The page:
I’ll explain it this way: Both William Henry Jackson and Edward Weston photographed the American West extensively. But in my opinion, only Weston’s photographs qualify as art. Jackson, for all his devotion to the subject, was recording the scene. Weston, on the other hand, was actually creating something new. In his work, subject is of secondary importance to the total photograph. Similarly, while the landscapes that I have photographed in Yosemite are recognized by most people and, of course, the subject is an important part of the pictures, they are not “realistic.” Instead, they are an imprint of my visualization. All of my pictures are optically very accurate–I use pretty good lenses–but they are quite unrealistic in terms of values. A more realistic simple snapshot captures the image but misses everything else. I want a picture to reflect not only the forms but what I had seen and felt at the moment of exposure.
Playboy: Give us an example.
Adams: My Moonrise, Hernandez, New Mexico has the emotion and the feeling that the experience of seeing the actual moonrise created in me, but it is not at all realistic. Merely clicking the camera and making a simple print from the negative would have created a wholly different–and ordinary–photograph. People have asked me why the sky is so dark, thinking exactly in terms of the literal. But the dark sky is how it felt.
When photographer Alfred Stieglitz was asked by some skeptic, rather scornfully, “How do you make a creative photograph?” he answered, “I go out into the world with my camera and come across something that excites me emotionally, spiritually or aesthetically. I see the image in my mind’s eye. I make the photograph and print it as the equivalent of what I saw and felt.” That describes it well. What he called seeing in the mind’s eye, I call visualization. In my mind’s eye, I am visualizing how a particular revelation of sight and feeling will appear on a print. If I am looking at you, I can continue to see you as a person, but I am also in the habit of shifting from that consciously dimensional presence to a photograph, relating you in your surroundings to an image in my mind. If what I see in my mind excites me, there is a good chance it will make a good photograph. It is an intuitive sense and also an ability that comes from a lot of practice. Some people never can get it.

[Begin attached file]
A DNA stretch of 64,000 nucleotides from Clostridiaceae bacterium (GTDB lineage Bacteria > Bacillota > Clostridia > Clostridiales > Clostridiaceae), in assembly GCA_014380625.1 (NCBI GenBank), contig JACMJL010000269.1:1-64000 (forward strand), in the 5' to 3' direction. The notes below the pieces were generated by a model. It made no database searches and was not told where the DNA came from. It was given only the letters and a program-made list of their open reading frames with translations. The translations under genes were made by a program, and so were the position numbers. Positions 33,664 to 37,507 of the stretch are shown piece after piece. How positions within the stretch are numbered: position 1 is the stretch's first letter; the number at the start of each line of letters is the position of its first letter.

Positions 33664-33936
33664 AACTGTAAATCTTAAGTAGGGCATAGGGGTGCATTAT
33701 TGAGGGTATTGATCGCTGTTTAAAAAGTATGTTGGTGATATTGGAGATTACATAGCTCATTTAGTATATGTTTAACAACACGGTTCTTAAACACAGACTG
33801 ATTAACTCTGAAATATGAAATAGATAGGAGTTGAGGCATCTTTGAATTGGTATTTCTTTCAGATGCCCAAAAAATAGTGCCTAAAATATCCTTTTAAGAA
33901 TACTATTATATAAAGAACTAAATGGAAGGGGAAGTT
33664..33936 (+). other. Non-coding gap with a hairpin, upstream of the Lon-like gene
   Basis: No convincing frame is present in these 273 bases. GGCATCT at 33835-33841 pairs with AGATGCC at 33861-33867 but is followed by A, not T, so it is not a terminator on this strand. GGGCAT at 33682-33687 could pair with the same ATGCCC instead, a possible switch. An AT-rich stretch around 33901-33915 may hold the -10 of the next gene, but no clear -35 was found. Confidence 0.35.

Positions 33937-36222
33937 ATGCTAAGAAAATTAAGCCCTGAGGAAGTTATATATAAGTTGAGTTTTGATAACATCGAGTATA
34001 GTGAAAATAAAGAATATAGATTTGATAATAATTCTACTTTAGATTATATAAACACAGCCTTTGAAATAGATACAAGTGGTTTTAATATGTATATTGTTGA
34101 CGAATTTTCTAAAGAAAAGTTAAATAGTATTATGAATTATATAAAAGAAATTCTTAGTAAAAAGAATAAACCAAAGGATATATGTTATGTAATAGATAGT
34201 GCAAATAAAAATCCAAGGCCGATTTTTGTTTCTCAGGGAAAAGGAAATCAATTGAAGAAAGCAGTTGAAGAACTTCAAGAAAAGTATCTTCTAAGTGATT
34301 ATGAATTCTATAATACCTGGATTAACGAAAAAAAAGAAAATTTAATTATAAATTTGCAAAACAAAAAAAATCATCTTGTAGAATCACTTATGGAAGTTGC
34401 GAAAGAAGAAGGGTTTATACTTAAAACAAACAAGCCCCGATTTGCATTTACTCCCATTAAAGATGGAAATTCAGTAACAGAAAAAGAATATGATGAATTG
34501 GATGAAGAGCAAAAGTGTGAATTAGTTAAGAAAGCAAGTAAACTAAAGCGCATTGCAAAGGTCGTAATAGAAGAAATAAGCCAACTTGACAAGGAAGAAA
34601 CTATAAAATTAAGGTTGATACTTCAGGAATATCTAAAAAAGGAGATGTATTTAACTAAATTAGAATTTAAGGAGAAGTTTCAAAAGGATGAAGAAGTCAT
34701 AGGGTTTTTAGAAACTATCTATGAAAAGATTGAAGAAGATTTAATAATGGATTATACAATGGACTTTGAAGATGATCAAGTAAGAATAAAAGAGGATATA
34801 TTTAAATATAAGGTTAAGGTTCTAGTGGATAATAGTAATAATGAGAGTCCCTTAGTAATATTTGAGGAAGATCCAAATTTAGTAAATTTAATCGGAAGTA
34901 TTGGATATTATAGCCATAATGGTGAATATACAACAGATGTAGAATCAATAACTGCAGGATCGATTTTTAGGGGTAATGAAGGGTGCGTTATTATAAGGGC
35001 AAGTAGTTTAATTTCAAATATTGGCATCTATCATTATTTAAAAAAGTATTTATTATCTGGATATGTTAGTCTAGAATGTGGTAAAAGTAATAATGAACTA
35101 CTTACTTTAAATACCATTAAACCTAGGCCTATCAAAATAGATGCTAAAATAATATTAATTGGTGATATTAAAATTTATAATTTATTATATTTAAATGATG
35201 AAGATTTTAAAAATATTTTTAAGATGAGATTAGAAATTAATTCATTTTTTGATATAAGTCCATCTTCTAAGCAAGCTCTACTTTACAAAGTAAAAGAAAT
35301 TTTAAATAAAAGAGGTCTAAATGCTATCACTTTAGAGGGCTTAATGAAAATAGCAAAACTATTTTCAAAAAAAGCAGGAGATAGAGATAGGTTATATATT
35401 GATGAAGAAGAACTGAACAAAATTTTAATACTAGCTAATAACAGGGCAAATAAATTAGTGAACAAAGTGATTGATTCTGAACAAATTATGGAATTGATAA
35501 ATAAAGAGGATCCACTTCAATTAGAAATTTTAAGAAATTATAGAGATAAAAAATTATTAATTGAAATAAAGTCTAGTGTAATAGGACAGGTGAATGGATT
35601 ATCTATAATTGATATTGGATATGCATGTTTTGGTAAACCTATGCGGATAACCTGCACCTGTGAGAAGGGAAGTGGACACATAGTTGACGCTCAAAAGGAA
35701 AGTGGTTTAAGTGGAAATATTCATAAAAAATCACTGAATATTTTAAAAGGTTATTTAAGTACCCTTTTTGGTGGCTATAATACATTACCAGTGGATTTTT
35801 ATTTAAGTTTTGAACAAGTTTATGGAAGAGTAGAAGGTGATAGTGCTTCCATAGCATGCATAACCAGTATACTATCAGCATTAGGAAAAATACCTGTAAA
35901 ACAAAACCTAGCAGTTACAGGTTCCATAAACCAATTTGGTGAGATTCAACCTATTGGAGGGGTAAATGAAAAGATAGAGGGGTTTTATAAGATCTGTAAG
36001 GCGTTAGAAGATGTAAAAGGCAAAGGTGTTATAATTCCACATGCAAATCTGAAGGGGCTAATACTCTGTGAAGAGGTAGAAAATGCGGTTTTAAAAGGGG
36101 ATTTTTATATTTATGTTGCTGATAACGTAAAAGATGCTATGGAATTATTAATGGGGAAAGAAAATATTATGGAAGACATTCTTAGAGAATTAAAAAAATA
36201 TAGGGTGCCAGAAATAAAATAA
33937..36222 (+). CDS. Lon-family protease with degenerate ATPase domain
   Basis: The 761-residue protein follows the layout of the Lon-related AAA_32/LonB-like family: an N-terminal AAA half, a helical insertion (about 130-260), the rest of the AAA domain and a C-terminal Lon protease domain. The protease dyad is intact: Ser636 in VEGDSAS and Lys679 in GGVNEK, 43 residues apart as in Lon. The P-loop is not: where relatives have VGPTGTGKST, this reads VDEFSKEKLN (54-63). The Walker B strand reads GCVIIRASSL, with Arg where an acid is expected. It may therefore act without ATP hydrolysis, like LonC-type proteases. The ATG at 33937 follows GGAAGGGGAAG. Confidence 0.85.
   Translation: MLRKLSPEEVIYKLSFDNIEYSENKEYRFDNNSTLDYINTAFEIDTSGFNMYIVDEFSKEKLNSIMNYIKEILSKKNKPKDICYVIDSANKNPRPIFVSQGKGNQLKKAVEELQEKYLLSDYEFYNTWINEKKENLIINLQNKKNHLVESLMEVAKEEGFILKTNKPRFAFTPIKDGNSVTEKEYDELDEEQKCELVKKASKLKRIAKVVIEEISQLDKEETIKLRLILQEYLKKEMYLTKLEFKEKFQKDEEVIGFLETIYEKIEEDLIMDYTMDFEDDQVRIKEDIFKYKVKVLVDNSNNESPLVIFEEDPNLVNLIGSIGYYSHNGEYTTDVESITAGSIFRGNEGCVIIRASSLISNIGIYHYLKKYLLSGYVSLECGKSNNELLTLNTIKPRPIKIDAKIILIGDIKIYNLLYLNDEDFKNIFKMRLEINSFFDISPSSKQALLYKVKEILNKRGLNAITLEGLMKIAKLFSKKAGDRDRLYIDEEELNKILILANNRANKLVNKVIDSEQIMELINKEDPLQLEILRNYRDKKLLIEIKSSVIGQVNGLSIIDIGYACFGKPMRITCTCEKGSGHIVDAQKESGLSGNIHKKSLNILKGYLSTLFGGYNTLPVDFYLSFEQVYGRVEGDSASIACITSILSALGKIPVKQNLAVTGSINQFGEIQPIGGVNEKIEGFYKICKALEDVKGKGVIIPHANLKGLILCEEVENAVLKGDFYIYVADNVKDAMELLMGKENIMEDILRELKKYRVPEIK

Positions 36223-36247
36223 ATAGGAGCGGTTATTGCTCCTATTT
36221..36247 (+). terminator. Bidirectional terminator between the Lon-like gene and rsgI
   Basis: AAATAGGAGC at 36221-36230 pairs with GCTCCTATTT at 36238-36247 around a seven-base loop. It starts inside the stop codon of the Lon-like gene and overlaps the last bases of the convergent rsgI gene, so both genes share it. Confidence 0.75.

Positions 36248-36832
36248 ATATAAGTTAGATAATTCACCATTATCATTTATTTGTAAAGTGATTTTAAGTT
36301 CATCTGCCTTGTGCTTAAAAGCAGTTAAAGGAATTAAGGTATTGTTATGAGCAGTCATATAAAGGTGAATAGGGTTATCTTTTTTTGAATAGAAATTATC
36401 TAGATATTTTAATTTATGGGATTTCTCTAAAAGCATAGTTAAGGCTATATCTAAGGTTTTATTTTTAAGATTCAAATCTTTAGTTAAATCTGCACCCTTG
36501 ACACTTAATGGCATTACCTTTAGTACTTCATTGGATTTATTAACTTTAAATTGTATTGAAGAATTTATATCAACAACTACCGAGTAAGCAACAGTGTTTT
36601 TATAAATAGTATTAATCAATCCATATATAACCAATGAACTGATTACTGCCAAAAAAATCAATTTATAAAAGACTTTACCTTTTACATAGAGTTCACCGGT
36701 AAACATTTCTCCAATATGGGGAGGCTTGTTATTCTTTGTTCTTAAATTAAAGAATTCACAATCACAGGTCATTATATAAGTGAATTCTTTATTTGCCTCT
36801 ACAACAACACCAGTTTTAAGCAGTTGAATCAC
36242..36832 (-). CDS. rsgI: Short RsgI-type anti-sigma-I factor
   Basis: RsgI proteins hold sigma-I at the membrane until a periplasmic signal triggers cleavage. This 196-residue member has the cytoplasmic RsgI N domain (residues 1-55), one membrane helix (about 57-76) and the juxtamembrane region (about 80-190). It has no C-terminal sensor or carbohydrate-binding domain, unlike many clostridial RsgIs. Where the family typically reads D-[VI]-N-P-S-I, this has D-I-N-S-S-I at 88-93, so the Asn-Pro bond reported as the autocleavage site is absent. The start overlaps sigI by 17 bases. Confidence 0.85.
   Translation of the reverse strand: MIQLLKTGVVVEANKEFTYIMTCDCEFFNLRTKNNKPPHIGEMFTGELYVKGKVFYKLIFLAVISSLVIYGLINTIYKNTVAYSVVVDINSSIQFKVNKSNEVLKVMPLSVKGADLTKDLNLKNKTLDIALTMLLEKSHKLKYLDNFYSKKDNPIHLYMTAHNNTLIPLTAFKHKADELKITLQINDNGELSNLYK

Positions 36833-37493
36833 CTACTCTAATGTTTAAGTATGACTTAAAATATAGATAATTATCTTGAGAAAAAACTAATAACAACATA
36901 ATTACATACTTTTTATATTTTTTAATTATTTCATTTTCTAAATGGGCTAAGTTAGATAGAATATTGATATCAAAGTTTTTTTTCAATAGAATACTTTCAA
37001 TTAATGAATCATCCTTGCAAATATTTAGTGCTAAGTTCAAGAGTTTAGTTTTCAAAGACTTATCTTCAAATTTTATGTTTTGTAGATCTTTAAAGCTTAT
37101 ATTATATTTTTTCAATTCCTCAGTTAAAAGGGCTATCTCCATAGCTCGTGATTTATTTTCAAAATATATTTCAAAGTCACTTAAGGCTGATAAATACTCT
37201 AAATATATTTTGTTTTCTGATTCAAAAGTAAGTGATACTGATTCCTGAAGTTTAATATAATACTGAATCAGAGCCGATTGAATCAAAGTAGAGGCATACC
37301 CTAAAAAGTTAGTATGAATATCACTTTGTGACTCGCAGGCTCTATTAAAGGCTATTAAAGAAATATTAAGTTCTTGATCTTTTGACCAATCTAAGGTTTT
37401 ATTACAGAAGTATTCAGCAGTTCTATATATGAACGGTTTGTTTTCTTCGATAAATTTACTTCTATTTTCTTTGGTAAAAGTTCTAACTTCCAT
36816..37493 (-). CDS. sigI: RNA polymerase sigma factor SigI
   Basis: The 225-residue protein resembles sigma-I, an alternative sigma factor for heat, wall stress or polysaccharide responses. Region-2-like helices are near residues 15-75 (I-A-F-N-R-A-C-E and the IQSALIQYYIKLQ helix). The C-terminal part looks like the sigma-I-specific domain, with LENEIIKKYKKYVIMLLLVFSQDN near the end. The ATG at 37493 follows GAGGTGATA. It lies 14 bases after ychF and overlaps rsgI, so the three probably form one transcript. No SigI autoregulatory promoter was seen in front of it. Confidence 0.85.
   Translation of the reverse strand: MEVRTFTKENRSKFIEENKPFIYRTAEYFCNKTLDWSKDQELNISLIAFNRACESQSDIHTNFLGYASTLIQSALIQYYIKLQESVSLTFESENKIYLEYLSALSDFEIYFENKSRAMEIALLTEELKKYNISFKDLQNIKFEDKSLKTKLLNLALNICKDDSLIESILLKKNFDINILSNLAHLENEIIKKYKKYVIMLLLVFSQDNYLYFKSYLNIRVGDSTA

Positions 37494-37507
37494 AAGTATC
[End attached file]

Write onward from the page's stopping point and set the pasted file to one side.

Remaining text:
More:
Playboy: When did you know you could accomplish it?
Adams: I had my first visualization while photographing Half Dome in Yosemite in 1927. It was a remarkable experience. After a long day with my camera, I had only two photographic plates left. I found myself staring at Half Dome, facing the monolith, seeing and feeling things that only the photograph itself can tell you. I took the first exposure and, somehow, I knew it was inadequate. It did not capture what I was feeling. It was not going to reflect the tremendous experience. Then, to use Stieglitz’ expression, I saw in my mind’s eye what the picture should look like and I realized how I must get it. I put on a red filter and figured out the exposure correctly, and I succeeded! When I made the prints, it proved my concept was correct. The first exposure came out just all right. It was a good photograph, but it in no way had the spirit and excitement I had felt. The second was Monolith, the Face of Half Dome, which speaks for itself.